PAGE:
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This essay is a very belated response to a " part 1 " published in February 2015. The gist of that essay was a response to a corre...

Thursday, September 8, 2011


At the end of INVADERS FROM MARX PT. 2 I said:

Next essay: why the bourgeoise productions of Lee and Kirby do indeed contain "a true relation to the conditions of their existence," albeit not one of which Althusser would approve.
The more I thought about this, the more daunting the project seemed. How could one hope to make clear to any Marxist the terms of my argument, when so many Marxists lack any broad historical perspective with regard to the many-faceted nature of human language and literature? After all, to this day Roland Barthes is still a name to conjure with, with barely anyone pointing out that l'empereur is missing his vetements:

"...myth is a peculiar system, in that it is constructed from a semiological chain which existed before it: it is a second-order semiological system. That which is a sign (namely the associative total of a concept and an image) in the first system, becomes a mere signifier in the second. We must here recall that the materials of mythical speech (the language itself, photography, painting, posters, rituals, objects, etc.), however different at the start, are reduced to a pure signifying function as soon as they are caught by myth. Myth sees in them only the same raw material; their unity is that they all come down to the status of a mere language."-- Barthes, "Myth Today."

Marguerite Van Cook's essay, which prompted the INVADERS series from me, never mentions Barthes, but whether she's read him or not her own Marxist argument reproduces the same hegemonic argument with respect to how the "signifying" diction of Stan Lee establishes authority over the "raw material" of Jack Kirby's art. These are Barthes' terms, not Van Cook's, but a similarity of theme can be observed in Van Cook's essay:

Implicitly, art is produced in a strangely abased position in the social hierarchy of production. Art appears to be the tool of the intuitive, untamed mind, while writing evidences intellectual precision and authority.
Later in INVADERS PT. 3 I pointed out that if Stan Lee had "abased" the "intuitive" and "untamed" mind of Jack Kirby with his "elevated diction," then it was an abasement to which Kirby also submitted himself, by conferring "elevated diction" upon characters like Orion and Darkseid.

There are, it happens, various correctives to this Marxist overemphasis on hegemonic oppression in the world of literary narrative. One is Philip Wheelwright, who points out that language is not merely one unitary phenomenon, and that it can be productively separated into two broad "complementary uses:"

"...to designate clearly for the sake of efficient and widespread comunication, and to express with humanly significant fullness."-- Wheelwright, THE BURNING FOUNTAIN.

Where Barthes imagines a conflict between denotation and connotation (though he manages to bollix up his concept of denotation). Wheelwright sees the two "strategeies" of language as not only complementary, but necessarily intertwined throughout history. "Steno-language" (the language of plain sense) is, he tells us, the "negative limit" of language in its more expansive form, "expressive" or "poeto-language."

Ernst Cassirer, in books like his MYTHICAL THOUGHT, goes so far as to figure his version of "expressive language" as the means by which early man formulated his first abstract thoughts, in the forms of myth, folklore and religion. Of course, it should be said that even early man surely had his own version of "steno-language," in which one caveperson might tell another, "Go fetch me that rock," or "Watch out for that woolly mammoth." It's a leap of poor logic to imagine that one came before the other, and Cassirer does not, unlike Barthes, make the mistake of asserting one linguistic form's primacy over the other.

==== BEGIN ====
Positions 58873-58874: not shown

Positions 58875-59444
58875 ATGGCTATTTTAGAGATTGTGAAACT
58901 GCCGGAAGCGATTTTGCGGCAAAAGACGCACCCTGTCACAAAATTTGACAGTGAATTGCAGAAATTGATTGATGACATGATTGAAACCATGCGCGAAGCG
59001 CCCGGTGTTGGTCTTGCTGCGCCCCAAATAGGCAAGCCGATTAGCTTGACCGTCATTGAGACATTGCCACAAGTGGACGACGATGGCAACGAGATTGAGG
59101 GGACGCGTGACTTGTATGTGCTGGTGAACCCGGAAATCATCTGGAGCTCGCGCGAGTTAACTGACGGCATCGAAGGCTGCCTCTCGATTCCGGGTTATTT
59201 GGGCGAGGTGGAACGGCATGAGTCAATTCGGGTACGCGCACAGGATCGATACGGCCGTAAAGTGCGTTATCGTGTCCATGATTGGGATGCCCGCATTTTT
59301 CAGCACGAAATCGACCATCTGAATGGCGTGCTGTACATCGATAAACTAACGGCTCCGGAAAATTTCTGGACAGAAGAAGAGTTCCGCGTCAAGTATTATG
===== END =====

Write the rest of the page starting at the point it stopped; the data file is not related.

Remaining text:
Through what remnants we have of early literature we can see the two strategies being carried out, even in the earliest civilizations. Take as example the myth sometimes called "Gilgamesh, Enkidu and the Netherworld." This is a great example of mythic discourse at its most expressive in that, even putting aside specific terms for which we moderns don't know the meanings, the story's logic is entirely governed by such mysterious cosmic presences as Inanna, the huluppu-tree, the Anzu-bird, and of course Gilgamesh and Enkidu themselves. In contrast, although the better-known EPIC OF GILGAMESH is replete with such presences, they have been made somewhat less mysterious in that the epic places greater realistic emphasis on understanding why Gilgamesh takes this or that action. Though the Gilgamesh Epic is certainly not an example of Wheelwright's "steno-language," one may imagine its composer-- almost certainly some anonymous court poet working with raw mythic materials as did the better-known Homer-- using the type of "plain sense" reasoning found in steno-language to figure out, for example,why Gilgamesh might decide to reject Ishtar's offer of love, which would then lead dramatically to the death of Enkidu.

The contrast between these two mythic stories is but one of many I might use to portrary the interweavings of Wheelwright's two linguistic strategies, one which, I must repeat, depends more upon the nature of what is being communicated than on some imagined hegemonic incursion of a "signifier" over a "sign," or a wordy editor over an "intuitive" artist.

With this linguistic schema as a propositional aesthetic foundation, my next essay on this subject should at last address the matter of how the works of Lee and Kirby could indeed have a "true relation to the conditions of their existence," whether that relation is anything a Marxist could relate to or not.

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